Everyone has their way of spending Holy Week: spending quality time with family, observing Catholic traditions, going on a fast, or just staying home and resting. If you’re a freelancer, though, things are a bit different. You don’t need to fret about taking leave or traveling out of town; you need to find ways to stay productive and keep your business moving forward.
The Holy Week is a time of reflection, repentance, and renewal of our faith. With that in mind, here is a week-long guide to some things you can do as a freelancer over the Holy Week break.
Monday: Plan for the week ahead
Think about how you’ll be spending the next few days. Are you traveling with family or enjoying the quiet in the city? Monday is an excellent time to plan what you’ll need to bring for those traveling. Remember that the last three working days before the four-day weekend are a busy time of year. Take stock of what you need for your trip or at home.
Tuesday: Advise clients on vacation plans
Have you informed your clients about your time off? As a courtesy to the people you work with, advise them if you intend to take a few days off. If your freelancing work is output-based, this won’t be an issue as long as you manage your workload and deadlines. But if your clients are particular about work hours, schedule, and being online, then this is the time to discuss these matters.
Wednesday: Complete immediate projects
Wednesday is the day to complete immediate tasks and projects that have been put off for one reason or another. Taking care of these things will set you up for a stress-free and relaxing Holy Week break. Spend the last day before the long weekend focusing on essential tasks. If you’re feeling stressed, allot enough time for focus work. Don’t forget to take short five-minute breaks in between tasks.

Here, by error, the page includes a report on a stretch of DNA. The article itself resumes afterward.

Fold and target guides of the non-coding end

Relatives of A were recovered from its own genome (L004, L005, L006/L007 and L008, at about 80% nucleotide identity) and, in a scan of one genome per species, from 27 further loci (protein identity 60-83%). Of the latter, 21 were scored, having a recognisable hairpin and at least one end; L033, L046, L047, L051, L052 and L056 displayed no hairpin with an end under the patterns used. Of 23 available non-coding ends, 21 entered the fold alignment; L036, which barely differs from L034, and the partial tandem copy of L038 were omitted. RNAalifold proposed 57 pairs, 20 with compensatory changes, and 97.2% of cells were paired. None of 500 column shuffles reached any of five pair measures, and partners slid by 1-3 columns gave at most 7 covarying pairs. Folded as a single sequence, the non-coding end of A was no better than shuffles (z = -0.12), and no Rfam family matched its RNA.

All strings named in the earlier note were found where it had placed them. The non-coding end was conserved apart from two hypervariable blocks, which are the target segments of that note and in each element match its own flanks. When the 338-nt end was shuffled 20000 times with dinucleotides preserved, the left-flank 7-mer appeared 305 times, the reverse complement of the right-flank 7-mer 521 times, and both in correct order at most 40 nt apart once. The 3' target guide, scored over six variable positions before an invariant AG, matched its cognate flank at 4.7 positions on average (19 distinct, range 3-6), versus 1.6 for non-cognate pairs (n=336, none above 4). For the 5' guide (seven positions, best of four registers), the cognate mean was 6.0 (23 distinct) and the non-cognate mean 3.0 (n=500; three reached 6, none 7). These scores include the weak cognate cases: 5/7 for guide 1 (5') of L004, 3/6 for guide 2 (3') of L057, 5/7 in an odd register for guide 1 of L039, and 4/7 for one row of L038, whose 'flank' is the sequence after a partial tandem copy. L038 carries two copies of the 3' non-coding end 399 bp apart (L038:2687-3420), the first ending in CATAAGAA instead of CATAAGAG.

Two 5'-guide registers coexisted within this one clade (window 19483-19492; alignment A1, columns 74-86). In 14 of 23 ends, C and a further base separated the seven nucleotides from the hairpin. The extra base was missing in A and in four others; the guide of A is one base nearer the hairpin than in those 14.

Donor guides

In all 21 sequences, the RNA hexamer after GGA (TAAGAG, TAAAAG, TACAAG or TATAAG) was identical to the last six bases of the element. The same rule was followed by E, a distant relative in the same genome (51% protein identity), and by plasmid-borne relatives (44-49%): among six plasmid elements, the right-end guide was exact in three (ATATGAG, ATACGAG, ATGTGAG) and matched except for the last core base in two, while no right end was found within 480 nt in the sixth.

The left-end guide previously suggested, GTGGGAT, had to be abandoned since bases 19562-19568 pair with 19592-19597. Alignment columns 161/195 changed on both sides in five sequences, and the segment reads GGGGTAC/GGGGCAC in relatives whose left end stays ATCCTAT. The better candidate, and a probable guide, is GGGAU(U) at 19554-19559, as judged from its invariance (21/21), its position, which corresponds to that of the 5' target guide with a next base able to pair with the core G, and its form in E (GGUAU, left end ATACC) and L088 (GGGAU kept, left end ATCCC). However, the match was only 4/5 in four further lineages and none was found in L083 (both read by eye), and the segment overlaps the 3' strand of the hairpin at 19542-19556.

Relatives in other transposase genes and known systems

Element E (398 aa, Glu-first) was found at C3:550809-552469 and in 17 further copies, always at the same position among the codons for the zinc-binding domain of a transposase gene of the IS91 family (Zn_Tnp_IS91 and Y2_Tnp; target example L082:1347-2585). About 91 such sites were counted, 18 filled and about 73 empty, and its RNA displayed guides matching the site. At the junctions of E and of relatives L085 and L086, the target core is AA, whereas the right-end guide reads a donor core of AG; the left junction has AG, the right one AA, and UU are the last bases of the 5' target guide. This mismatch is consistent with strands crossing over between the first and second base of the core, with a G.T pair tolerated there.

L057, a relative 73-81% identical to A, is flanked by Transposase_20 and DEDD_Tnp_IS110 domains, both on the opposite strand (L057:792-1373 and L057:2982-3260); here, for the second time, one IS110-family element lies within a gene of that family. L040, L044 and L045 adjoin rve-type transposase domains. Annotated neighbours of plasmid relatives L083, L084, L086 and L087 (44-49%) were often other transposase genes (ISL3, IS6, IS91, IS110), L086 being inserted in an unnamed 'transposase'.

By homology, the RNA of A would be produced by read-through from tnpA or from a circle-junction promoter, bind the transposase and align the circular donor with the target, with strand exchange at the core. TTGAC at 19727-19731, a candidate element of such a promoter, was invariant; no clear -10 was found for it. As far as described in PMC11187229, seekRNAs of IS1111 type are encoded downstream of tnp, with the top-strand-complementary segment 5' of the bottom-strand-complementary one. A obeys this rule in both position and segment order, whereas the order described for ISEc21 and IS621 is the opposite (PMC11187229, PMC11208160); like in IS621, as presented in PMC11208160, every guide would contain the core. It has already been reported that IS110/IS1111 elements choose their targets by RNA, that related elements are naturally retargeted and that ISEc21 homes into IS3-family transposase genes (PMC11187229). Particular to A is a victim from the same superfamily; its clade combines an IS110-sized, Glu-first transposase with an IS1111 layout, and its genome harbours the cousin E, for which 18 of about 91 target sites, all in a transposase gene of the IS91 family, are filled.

Thursday: Observe Holy Week traditions
Maundy Thursday marks the beginning of the Easter Triduum, the last three days of Lent and the height of Holy Week. It is a period marked by prayers and religious traditions. Take the time to observe traditional practices such as Visita Iglesia, a pilgrimage to seven or fourteen churches to pray and meditate on the Stations of the Cross.
Friday: Unplug and go offline
Going on a digital detox is a simple but powerful idea, especially on Good Friday. Take time to disconnect from technology to destress and recharge. Don’t worry—there are many things you can do to pass the time. Take a long nap. Reflect. Write in your journal. Cook a healthy meal. Go for a walk. Read a book. Play board games. Tidy around the house. When you come back online the next day, you’ll feel refreshed and ready to take on your next challenge.
Saturday: Unwind and practice self-care
Schedule some much-need time for yourself. Whether taking a long shower, practicing yoga, or sitting in the kitchen with a cup of tea, it’s vital to relax and unwind. On Black Saturday, spend the day however you want to. Take care of yourself physically, mentally, and emotionally. Give yourself the gift of rest.
Sunday: Spend time with loved ones
Easter Sunday is an opportunity to celebrate, reconnect, feel close, and appreciate family. Go out for brunch or arrange a potluck. If there are plenty of children, host an Easter egg hunt. Early in the day, make an activity out of decorating the eggs. It doesn’t have to be a lavish affair. Just spend time together and enjoy each other’s company. Cherish every moment.
Holy Week is a time of reflection, repentance, and renewal of faith. It’s also when many people take off work to spend time with family. Find ways to stay productive and keep your business moving forward as a freelancer.
First, determine what you’ll do once you’re off work. The best option may be to complete tasks that are already scheduled or in the works. If this isn’t an option, set aside a specific time each day to work on them. Make sure you have the right tools ready to go at a moment’s notice.
Next, take time to focus on yourself. Spend some time doing things you enjoy so that you can fully recharge your batteries and enjoy some quality downtime.